To freeze in these quantities, pull out an ice cube tray. Just measure the appropriate amount into each cube space and let them freeze thoroughly.
Once they’re frozen you can transfer them into a freezer-friendly Ziploc bag or storage container. It’s a good idea to not only label your bag or container with the date you froze your aquafaba, but also with the amount of liquid you froze it as so you know exactly how much you’ll be pulling out when you need to use it.
If you make more aquafaba before you’ve used up the previously frozen batch, freeze and contain it in a separately labelled bag or container and use the oldest batch first. Aquafaba will last 3 – 4 months frozen like this, but after a while it will start to attract a “freezer” taste, to use it at the first opportunity you come across.
How to Thaw Aquafaba
To thaw your aquafaba, just take a cube out of your freezer and let it sit in a bowl on your counter until it melts. It shouldn’t take long and it’s best not to try to heat it up in your microwave or stovetop to thaw because it might change the results when you need to use it. Let it defrost naturally.
Uses of Aquafaba
Aquafaba is most often used in vegan recipes that need a substitute for egg whites, but it can also be used to replace whole eggs in many recipes and, depending on the circumstances, even dairy.
It’s popular with vegans, but it’s also a low-fat option for others who are looking to lighten up their baking practices, and it’s perfect for anyone with an egg allergy or intolerance.
Aquafaba responds very similarly to actual egg whites. Many traditional recipes use stabilizing ingredients like sugar and even cream of tartar to help boost the structure and form of their foam.
The same can be done for aquafaba. In sweet recipes, use sugar. If you want to move away from sugar, the acid in cream of tartar will have a similar effect without the sweetness and blood sugar spike.
Egg White Replacement
Aquafaba foams up delightfully, just like egg whites will. For this reason, it can be used as a vegan-friendly solution to making light, airy meringues, marshmallows, pavlova, macaroons, nougats, and even mousse.
You might even notice certain foamy cocktails at your favorite vegan friend restaurant use aquafaba.
Whole Egg Replacement
One of the things that many vegans miss are creamy condiments like mayonnaise and aioli. With the miracle of aquafaba and a few other impressive substitutions, plant-based eaters can enjoy their favorite condiments once again, entirely egg-free.
Many vegan bakers also use aquafaba to replace whole eggs in their baked goods as it makes a very egg-like binding agent.
Vegan Dairy Replacement
There are many recipes that use aquafaba to substitute the dairy ingredients which is not only great news for vegans, but also for the millions of lactose-intolerant humans.
There usually needs to be a few additional ingredients used, such as oils, vinegars and sugars, but it really depends on the recipe you’re adapting.
Health Benefits of Aquafaba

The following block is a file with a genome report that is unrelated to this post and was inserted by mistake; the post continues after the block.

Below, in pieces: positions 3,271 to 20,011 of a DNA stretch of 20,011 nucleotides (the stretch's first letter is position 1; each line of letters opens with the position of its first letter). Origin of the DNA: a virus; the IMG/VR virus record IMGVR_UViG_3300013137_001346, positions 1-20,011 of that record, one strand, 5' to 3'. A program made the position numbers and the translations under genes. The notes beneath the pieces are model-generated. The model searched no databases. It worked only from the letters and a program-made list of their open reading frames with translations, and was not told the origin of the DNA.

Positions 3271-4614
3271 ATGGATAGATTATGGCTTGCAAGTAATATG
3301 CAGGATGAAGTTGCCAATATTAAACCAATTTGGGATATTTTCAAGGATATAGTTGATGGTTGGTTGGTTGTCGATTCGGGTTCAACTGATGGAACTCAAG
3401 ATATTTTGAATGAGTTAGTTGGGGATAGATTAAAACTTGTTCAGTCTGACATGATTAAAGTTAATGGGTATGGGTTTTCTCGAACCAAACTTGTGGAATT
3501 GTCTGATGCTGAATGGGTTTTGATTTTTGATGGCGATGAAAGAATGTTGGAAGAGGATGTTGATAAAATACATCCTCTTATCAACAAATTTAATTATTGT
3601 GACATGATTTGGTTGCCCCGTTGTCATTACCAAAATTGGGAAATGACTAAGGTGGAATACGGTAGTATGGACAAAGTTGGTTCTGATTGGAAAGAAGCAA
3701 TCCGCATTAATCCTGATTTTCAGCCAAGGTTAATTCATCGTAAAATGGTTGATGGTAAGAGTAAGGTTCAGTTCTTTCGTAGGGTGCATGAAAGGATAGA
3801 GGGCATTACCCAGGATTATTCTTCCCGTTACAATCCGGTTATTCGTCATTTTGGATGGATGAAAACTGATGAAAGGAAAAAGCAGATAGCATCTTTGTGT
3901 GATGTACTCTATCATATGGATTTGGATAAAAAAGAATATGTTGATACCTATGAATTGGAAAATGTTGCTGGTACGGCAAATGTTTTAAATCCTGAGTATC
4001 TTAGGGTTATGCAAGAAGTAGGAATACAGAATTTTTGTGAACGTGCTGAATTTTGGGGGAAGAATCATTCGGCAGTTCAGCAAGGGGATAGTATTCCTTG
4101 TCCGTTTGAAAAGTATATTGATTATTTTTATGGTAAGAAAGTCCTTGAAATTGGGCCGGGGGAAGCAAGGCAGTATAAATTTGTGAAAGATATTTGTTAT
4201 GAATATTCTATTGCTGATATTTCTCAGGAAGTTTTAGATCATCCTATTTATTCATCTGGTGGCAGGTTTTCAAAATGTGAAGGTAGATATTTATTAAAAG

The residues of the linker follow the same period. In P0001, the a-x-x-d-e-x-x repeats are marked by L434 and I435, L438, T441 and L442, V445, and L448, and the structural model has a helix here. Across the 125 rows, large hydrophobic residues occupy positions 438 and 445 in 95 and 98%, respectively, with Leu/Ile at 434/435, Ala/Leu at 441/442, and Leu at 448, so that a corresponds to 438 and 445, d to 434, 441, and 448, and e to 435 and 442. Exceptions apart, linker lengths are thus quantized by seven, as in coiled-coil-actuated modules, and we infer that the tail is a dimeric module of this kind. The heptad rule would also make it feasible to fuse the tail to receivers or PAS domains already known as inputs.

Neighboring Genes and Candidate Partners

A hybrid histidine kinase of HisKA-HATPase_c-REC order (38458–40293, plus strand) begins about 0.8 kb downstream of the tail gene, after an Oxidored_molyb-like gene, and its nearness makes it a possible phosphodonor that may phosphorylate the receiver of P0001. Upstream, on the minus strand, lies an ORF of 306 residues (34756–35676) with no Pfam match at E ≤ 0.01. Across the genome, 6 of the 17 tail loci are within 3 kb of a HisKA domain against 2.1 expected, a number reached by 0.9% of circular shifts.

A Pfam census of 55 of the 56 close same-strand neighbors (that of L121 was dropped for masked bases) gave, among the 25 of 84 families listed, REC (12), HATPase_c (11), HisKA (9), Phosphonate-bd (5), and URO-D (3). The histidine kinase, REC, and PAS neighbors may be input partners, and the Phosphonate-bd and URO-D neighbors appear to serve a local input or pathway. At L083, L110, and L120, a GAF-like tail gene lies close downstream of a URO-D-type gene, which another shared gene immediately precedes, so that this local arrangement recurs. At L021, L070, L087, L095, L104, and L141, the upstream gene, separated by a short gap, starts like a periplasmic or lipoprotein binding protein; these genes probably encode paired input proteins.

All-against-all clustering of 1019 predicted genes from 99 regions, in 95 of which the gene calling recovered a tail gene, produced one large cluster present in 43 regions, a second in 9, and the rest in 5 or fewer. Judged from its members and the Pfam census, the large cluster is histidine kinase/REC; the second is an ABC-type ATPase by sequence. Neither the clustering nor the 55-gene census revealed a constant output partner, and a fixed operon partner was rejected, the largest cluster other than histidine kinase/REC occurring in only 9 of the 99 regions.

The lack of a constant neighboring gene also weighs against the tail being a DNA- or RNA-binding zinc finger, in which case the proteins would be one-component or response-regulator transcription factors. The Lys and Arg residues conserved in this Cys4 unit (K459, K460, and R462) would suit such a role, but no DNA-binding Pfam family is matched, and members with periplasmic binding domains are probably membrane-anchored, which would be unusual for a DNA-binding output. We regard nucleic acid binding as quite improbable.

Aquafaba is a fantastic substitution for eggs for anyone who can’t have eggs in their diet, but it isn’t necessarily a nutrient-dense solution, especially in comparison to everything that comes inside eggs.
Aquafaba is low in calories, protein, carbs and fat and contains very little in the form of micronutrients. In most cases, aquafaba is used in instances where the egg is not the focal point of the recipe, so most people aren’t making these dishes for the nutritional value of the eggs anyways. Let’s be honest, who eats pavlova for the protein?
Nonetheless, it’s important that you realize that while aquafaba is a great solution to enjoying a variety of foods that traditionally were relegated exclusively the egg and dairy consumers, you’re not doing a lot for your health in the process.
How long will aquafaba last in the fridge?
- You should store aquafaba much like you would store raw egg whites. It should remain fresh in the fridge for two to three days.
Can you freeze chickpeas?
- Chickpeas freeze really well. Decant into glass jars and once completely cool pop into the freezer. Wait until completely frozen until sealing with lids. I use regular glass jars and I have never had one crack.
What happens if you freeze hummus?
If you too find yourself with a lot of extra dip on hand, or if you’re leaving the house for a few days, fear not – hummus does freeze well, as long as you know a couple insider secrets. Just following these simple steps is all it takes to freeze hummus like a pro!
- Use a Freezer-Safe Container: Use a freezer-safe container to store humus in the freezer, and check to make sure that the seal is airtight. Any air leakage can cause flavor contamination from other freezer odors. Fill the container with as much dip as you like, but leave a little room at the top because it expands as it freezes. Also, try not to freeze more than 12 ounces in one container, so that it will thaw more evenly and quickly when you move it from the freezer to the fridge.
- Preserve Moisture: Pour a thin layer of olive oil over the top of the hummus. Don’t use too much, because you don’t want super oily dip when you thaw it back out! This is a great trick to prevent moisture loss when freezing hummus, especially since olive oil is already an ingredient, so it won’t throw your flavor off!
- Freeze Up to 4 Months: It can take longer depending on how much is frozen in the container. Once the dip has thawed, stir it up! Freezing hummus can separate the oils and solids, so a good stir will help to restore texture and homogenous taste.
If you want to know how to thaw hummus after freezing, head over to our article about microwaving hummus (and how to do it properly).